“Jesus Christ, Grandfather has hanged himself in the cowshed.”
“No!” I cry and cannot think why he chose to say just that, but I have often thought about it since, in all the years that have passed until now.
“Yes,” he says, “come over and see.” I don’t want to see, I feel sick even though I know it is not true, but still I run over and put my face beside his. It’s completely dark, I can’t see anything.
“I can’t see anything. You haven’t seen anything, it’s all dark.” I press my face to the pane, there is a smell of cowshed in there, there is a smell of cold and Jesper starts to chuckle. Suddenly I feel how cold it is.
“We’ll go in then,” he says, and stops laughing.
“I don’t want to go in yet. It’s colder inside. I won’t be able to sleep either.”
“I mean into the cowshed. It’s warm there.”
We go around the barn over the cobbles as far as the cowshed door. It creaks when we open it and I wonder if Grandfather is hanging there, perhaps I shall walk straight into his legs, perhaps they’ll swing to and fro. But he is not hanging there and it’s suddenly warmer, the smell is a smell I know. Jesper goes in among the stalls. There are a lot of them, there are twenty-five cows, it is not a small farm, they have laborers. Grandmother had worked in the kitchen before she was married to Grandfather. She wore a white apron then but she has never done so since. She is mother to my father, not to his brothers, and no time was wasted before that wedding once Hedvig was in her grave, so my mother told us. Grandmother and Grandfather are hardly ever in the same room together, and when they are Grandmother holds her head high and her neck stiff. Everyone can see it.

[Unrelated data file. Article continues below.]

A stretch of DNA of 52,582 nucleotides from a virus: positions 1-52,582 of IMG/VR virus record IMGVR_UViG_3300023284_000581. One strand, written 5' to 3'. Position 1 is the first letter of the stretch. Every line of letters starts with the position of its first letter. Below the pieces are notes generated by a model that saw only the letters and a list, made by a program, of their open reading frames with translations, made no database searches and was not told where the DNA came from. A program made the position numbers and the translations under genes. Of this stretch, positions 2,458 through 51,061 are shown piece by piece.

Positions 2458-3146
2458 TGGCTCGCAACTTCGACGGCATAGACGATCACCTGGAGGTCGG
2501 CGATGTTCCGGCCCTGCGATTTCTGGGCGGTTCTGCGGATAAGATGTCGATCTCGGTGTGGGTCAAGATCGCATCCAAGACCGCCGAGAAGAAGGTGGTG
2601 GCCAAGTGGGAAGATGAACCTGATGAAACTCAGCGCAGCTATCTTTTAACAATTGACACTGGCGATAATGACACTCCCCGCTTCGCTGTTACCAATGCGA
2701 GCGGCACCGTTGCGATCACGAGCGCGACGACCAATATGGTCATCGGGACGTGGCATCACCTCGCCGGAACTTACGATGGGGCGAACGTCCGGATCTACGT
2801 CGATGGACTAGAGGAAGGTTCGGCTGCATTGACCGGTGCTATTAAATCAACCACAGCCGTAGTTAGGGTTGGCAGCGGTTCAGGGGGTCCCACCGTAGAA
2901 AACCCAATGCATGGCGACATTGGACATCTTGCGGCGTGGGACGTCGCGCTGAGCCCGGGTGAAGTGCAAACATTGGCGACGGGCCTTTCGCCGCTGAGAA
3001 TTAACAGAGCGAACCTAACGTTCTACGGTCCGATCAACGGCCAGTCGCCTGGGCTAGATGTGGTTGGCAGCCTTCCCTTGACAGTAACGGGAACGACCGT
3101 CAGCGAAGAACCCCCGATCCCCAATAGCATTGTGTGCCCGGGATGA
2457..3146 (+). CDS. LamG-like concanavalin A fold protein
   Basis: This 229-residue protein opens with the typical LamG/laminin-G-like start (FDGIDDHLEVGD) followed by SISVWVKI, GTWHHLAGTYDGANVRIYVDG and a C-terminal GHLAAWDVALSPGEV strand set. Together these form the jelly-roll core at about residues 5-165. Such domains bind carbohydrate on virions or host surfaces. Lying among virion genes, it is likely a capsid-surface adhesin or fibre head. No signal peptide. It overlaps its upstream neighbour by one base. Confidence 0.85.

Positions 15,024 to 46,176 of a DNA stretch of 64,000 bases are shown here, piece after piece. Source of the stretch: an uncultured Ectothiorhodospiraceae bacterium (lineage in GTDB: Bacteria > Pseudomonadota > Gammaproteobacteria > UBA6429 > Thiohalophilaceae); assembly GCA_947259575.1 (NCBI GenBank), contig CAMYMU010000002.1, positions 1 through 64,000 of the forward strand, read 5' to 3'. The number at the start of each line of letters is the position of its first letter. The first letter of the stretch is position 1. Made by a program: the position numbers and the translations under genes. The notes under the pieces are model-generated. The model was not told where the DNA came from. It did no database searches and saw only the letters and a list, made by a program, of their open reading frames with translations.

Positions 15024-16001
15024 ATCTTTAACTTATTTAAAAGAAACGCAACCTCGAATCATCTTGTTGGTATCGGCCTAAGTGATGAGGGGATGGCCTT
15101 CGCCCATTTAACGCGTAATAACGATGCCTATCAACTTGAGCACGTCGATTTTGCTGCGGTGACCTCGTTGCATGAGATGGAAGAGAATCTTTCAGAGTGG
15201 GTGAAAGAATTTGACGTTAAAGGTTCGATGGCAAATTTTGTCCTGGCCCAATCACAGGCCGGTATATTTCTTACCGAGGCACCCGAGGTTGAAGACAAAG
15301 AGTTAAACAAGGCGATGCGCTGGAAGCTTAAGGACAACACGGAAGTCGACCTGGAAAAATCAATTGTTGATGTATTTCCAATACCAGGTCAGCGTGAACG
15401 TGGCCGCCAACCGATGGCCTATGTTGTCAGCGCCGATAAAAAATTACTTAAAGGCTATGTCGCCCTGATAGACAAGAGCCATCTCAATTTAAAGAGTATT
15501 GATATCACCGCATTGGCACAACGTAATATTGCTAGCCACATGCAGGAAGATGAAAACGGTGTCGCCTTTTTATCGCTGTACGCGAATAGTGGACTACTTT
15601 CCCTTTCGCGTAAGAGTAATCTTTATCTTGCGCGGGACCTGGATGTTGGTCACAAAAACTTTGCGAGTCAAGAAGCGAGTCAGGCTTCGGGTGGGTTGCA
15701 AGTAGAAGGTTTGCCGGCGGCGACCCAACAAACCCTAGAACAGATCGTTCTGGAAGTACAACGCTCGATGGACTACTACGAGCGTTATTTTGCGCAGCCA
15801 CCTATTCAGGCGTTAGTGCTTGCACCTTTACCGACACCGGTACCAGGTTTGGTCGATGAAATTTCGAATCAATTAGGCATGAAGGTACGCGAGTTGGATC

I stand there getting used to the heavy darkness. I hear Jesper’s steps inside and the cows shifting about in the stalls, and I know without seeing them that most of them are lying down, they’re sleeping, they’re chewing, they bump their horns against the low dividing walls and fill the darkness with deep sounds.
“Come on then,” says Jesper, and now I can see him right at the end, and I walk softly down the middle past the stalls, careful not to tread in the muck along the sides of the walkway. Jesper laughs quietly and starts to sing about those who walk the narrow path and not the broad road toward the pearly gates in the blue, and he mimics my mother’s voice and he does it so well I would have burst out laughing, but dared not in the presence of all these animals.